What will your verse be?

Addressing Republican Party members on September 11, 1970, US Vice-President Spiro Agnew said: “In the United States today, we have more than our share of the nattering nabobs of negativism. They have formed their own 4-H Club — the ‘hopeless, hysterical hypochondriacs of history.’”

Agnew was taking a dig at those elements of American society who, in thinking they are dishing out enlightened criticism and displaying sophistication by attacking anything and everything the establishment does, are merely in the grip of a paralysing negativity.

Spiro Agnew may well have been peering into a crystal ball and seeing Zimbabwe in 2018.

Thankfully, the nabobs of negativity are gradually being drowned out by the spirit of positivity that defines the Second Republic.

It would be instructive for the noisy minority to correctly read the events of the past week and join the silent majority in contributing to the creation of a better Zimbabwe.

Mr Gerd Müller, Germany’s Minister of Economic Co-operation and Development, was here and said a Joint Commission was being established between the two nations.

“Germany and Europe have great interest on stability and peace in this country that is why we are building on the implementation of reforms and we will support the Government of Zimbabwe, especially to implement measures that will improve the situation for people in rural areas that will benefit agriculture,” Mr Müller said.

Germany is the world’s fourth-largest economy and the biggest manufacturer in Europe.

Further, it is very influential in the European Union, whose own GDP is this year estimated at US$19,7 trillion — or 22 percent of the global economy.

Do the nabobs of negativity know this? Do they know what it means when Germany and Zimbabwe agree to a Joint Commission? Are these not signs of an economy and a political administration on the march?

There is more from the past week.

Britain’s Theresa May was in South Africa, where the nabobs of negativity in that country tried to press her to condemn President Mnangagwa and in essence get her to distance the United Kingdom from Zimbabwe.

Her response: “The President is an elected President . . .”

Now, the UK is the world’s fifth-largest economy and ranks as the fifth biggest importer as well as third in terms of outward-bound FDI.

Are these not the kinds of economies the Second Republic should be dealing with in its quest to create a middle-income economy by 2030?

And as the nabobs of negativity read this, President Mnangagwa is in Beijing for the Forum on China-Africa Co-operation Summit.

For those who doubt the importance of Focac, listen to the counsel of United Nations Secretary-General Antonio Guterres. (Apparently opposition leader Mr Nelson Chamisa has a direct line to him and so it should not be hard for him to verify this.)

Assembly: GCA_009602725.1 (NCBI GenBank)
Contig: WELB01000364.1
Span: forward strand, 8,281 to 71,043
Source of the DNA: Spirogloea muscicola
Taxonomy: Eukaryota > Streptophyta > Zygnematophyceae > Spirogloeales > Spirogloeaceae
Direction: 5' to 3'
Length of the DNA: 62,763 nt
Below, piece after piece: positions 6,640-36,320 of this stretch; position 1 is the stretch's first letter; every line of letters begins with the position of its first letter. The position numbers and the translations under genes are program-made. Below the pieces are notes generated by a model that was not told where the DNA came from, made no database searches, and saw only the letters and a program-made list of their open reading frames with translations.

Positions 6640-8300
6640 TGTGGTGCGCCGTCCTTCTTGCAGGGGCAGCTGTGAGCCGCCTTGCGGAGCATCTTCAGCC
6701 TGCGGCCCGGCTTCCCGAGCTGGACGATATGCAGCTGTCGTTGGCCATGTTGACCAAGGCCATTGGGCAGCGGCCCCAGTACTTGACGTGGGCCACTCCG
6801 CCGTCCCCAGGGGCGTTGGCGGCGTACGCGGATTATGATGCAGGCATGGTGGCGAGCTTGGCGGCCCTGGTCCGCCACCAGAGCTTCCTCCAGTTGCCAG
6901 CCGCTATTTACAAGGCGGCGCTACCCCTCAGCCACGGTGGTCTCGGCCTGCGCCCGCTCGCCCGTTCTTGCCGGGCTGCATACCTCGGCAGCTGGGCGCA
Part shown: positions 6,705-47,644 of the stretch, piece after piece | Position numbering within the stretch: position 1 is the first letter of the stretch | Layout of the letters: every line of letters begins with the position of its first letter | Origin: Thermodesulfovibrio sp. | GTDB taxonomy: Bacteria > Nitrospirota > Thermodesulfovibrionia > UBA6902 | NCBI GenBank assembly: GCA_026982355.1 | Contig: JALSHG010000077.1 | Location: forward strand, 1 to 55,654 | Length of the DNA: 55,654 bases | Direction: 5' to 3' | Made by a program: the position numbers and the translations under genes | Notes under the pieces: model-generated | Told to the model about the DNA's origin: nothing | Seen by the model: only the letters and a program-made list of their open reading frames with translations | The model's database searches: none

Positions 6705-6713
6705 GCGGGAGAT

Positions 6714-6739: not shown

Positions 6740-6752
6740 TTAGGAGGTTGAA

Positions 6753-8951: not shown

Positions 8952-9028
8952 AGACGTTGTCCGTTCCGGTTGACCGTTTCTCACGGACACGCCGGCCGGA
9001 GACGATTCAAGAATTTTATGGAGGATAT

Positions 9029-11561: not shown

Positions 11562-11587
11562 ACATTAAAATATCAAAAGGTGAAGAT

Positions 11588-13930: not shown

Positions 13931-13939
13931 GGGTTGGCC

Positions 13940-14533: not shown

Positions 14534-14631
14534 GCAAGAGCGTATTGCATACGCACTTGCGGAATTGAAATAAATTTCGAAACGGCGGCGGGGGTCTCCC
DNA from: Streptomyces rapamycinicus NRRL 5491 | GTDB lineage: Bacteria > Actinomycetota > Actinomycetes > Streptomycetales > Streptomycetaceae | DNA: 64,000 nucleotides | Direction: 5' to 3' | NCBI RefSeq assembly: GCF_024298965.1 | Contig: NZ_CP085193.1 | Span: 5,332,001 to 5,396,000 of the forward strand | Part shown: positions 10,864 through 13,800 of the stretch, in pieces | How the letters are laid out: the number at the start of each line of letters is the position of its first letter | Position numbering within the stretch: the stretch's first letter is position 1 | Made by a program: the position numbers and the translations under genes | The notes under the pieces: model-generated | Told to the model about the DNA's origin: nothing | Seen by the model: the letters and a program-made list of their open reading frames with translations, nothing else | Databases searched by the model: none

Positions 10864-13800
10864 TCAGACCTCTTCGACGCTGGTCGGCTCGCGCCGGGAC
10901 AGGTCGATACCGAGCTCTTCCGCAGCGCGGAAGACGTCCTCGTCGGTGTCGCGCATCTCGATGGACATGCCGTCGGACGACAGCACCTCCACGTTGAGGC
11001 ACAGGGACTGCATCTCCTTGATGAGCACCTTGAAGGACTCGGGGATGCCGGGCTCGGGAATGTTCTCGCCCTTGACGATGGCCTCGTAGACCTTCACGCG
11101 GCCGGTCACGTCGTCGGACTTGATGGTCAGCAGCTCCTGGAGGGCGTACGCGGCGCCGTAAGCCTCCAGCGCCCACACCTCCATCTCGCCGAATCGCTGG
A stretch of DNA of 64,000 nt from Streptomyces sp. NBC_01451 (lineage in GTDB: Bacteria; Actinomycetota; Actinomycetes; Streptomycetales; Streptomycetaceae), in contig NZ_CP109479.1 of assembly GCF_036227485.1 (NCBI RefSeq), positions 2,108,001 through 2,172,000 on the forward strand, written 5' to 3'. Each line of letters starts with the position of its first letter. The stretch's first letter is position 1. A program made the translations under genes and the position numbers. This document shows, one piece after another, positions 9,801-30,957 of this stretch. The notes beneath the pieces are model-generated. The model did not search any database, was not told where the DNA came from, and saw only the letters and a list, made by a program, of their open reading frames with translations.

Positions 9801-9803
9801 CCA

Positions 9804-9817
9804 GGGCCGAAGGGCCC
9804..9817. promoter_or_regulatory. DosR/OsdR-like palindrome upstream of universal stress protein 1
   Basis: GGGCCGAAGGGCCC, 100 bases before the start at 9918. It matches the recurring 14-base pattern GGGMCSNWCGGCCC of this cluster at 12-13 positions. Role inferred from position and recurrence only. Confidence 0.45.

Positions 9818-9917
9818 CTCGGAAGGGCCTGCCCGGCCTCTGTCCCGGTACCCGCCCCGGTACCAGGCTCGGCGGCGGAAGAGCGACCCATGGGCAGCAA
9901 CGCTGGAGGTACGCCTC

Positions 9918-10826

“The Africa-China co-operation is a central part of South-South co-operation. South-South Co-operation is more and more important in today’s world as a fundamental tool to allow for African countries to benefit from what has been the remarkable success of Chinese economic development in the past decades.

“. . . And with the dimension and the importance of the Chinese economy, the economic co-operation between Africa and China plays a very important strategic role.”

China is the second biggest economy in the world and the biggest in terms of purchasing power parity. It has the largest banking sector assets (US$39,9 trillion), is the fastest-growing consumer market, and second-largest importer.

And while all that is happening, Zimbabwe is on course to returning to the Commonwealth, a bloc that is projected to have internal trade worth US$1 trillion by 2020.

Surely, Zimbabwe is keeping fine company by any measure.

The question becomes: why would anyone think the country and its people will benefit from sabotaging such multilateral progress?

What Zimbabwe needs right now is for everyone to do their little bit to compliment these efforts.

We would like to draw the attention of the nabobs of negativity to Walt Whitman’s old poem, “O Me! O Life”.

“Oh me! Oh life! of the questions of these recurring, Of the endless trains of the faithless, of cities fill’d with the foolish . . . The question, O me! so sad, recurring — What good amid these, O me, O life?

“Answer. That you are here — that life exists and identity, That the powerful play goes on, and you may contribute a verse.”

As a Zimbabwean — as a student, as a farmer, as a politician, as a preacher, as a worker, as a business owner, as an artiste or an artisan — ask yourself: What will your verse be?

Will it be a soul-numbing, nation-killing negativity? Or will be honest, hard work?

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